In order to build more comprehensive education systems that will allow dealing with crises such as this one, it is also essential to modernize the collection and analysis of information and to make these systems more efficient Currently, there are marked gaps in comparable data from all countries on key indicators for planning the return to in-person classes. In many cases these gaps reflect basic information that is not available at the national level.
Sabine Riegle-Aubourg, Director (a.i.) of the Education Division at the IDB says this report is “a wake-up call about the urgent need for careful education policy planning. The ability of countries to define priority actions to ensure safe school operations and prioritize education for the most vulnerable populations will be key. In order to do this and to avoid a generational disaster, education funding must be protected”.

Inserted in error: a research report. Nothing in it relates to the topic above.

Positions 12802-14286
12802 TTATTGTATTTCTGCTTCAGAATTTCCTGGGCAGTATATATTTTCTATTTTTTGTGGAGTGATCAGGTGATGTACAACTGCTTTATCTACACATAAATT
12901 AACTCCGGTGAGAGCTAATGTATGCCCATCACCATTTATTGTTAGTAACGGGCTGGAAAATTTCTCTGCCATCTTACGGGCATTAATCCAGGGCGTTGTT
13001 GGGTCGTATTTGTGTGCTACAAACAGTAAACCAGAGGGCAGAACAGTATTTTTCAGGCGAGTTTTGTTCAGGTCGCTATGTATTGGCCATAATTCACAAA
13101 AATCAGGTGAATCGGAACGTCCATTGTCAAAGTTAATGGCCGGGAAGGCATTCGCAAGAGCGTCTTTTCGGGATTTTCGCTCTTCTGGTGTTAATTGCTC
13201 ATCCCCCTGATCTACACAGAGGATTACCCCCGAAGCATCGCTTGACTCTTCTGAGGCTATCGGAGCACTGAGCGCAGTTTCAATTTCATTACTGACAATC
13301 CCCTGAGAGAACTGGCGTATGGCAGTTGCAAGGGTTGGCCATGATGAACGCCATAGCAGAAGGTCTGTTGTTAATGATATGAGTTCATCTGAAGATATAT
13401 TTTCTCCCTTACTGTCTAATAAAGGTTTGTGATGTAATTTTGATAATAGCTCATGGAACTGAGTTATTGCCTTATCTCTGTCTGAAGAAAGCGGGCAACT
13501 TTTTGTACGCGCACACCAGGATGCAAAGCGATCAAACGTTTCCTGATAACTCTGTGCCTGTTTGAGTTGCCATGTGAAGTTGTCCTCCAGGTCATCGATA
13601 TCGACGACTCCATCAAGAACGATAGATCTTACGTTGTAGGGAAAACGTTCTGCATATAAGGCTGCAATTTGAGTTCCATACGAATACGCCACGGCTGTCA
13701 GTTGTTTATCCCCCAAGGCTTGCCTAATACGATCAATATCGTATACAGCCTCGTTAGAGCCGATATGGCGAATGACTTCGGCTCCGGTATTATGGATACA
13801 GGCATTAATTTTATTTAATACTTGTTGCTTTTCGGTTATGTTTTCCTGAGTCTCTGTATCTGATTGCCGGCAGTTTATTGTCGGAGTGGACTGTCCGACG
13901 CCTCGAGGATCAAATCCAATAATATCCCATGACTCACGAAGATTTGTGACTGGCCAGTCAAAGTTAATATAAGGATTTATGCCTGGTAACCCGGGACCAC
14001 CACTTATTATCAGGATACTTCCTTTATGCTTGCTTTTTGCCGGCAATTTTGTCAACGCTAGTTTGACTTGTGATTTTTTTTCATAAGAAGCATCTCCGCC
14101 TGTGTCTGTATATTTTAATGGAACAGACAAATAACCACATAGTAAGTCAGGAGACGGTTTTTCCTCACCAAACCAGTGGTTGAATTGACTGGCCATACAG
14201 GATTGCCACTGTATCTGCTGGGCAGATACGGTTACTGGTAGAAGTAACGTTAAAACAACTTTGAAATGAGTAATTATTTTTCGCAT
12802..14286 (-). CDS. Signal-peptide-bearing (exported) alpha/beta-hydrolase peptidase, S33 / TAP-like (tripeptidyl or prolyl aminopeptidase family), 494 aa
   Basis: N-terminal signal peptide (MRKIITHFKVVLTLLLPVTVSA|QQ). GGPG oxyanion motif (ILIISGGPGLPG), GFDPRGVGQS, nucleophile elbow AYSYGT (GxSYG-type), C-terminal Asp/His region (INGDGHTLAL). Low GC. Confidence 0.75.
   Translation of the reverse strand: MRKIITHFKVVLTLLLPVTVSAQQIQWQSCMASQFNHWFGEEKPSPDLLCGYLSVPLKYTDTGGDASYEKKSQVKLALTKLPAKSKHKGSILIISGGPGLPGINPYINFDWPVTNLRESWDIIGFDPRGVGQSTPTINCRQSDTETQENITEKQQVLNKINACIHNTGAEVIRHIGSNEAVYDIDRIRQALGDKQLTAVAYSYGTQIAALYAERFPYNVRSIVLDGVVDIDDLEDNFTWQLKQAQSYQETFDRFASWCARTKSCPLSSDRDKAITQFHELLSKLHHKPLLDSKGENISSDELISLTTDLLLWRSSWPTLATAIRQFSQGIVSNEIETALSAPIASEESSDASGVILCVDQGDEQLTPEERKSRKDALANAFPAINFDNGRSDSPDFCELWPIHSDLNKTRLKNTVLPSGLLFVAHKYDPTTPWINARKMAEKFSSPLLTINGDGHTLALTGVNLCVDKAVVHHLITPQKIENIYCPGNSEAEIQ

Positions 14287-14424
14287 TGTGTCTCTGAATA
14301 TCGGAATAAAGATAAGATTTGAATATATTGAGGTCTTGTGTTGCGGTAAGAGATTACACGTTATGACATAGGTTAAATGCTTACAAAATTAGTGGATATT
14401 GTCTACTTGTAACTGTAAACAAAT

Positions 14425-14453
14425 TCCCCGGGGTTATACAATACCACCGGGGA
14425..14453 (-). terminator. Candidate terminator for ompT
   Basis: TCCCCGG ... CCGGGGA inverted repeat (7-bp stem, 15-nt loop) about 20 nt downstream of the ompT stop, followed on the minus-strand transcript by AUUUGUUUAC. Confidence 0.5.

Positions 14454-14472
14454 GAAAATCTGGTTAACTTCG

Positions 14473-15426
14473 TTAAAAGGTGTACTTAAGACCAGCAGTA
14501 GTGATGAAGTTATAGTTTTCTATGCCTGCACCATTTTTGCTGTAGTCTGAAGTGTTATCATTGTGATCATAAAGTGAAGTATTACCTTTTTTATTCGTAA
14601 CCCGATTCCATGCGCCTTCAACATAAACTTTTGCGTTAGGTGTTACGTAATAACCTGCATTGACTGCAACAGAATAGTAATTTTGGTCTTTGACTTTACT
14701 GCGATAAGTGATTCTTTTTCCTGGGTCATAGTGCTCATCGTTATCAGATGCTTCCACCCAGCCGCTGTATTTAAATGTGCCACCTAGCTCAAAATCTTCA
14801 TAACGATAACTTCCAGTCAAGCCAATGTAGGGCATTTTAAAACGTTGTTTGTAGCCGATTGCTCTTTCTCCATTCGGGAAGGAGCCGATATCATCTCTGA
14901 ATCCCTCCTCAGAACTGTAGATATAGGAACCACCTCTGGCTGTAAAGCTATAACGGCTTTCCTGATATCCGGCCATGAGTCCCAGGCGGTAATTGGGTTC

Even before the sanitary emergency, education systems faced major challenges. In 2018, 10.5 million children were out of school in Latin America and the Caribbean, 16% of them outside primary education, 22% without lower secondary education and 62% without upper secondary education. In addition, a large number of students in the region do not achieve basic learning competencies according to the results of PISA (OECD) and the Third Regional Comparative and Explanatory Study (TERCE), implemented by UNESCO.
Safe schools (school infrastructure, access to water and sanitation)
The COVID-19 pandemic has exposed structural shortcomings in school infrastructure.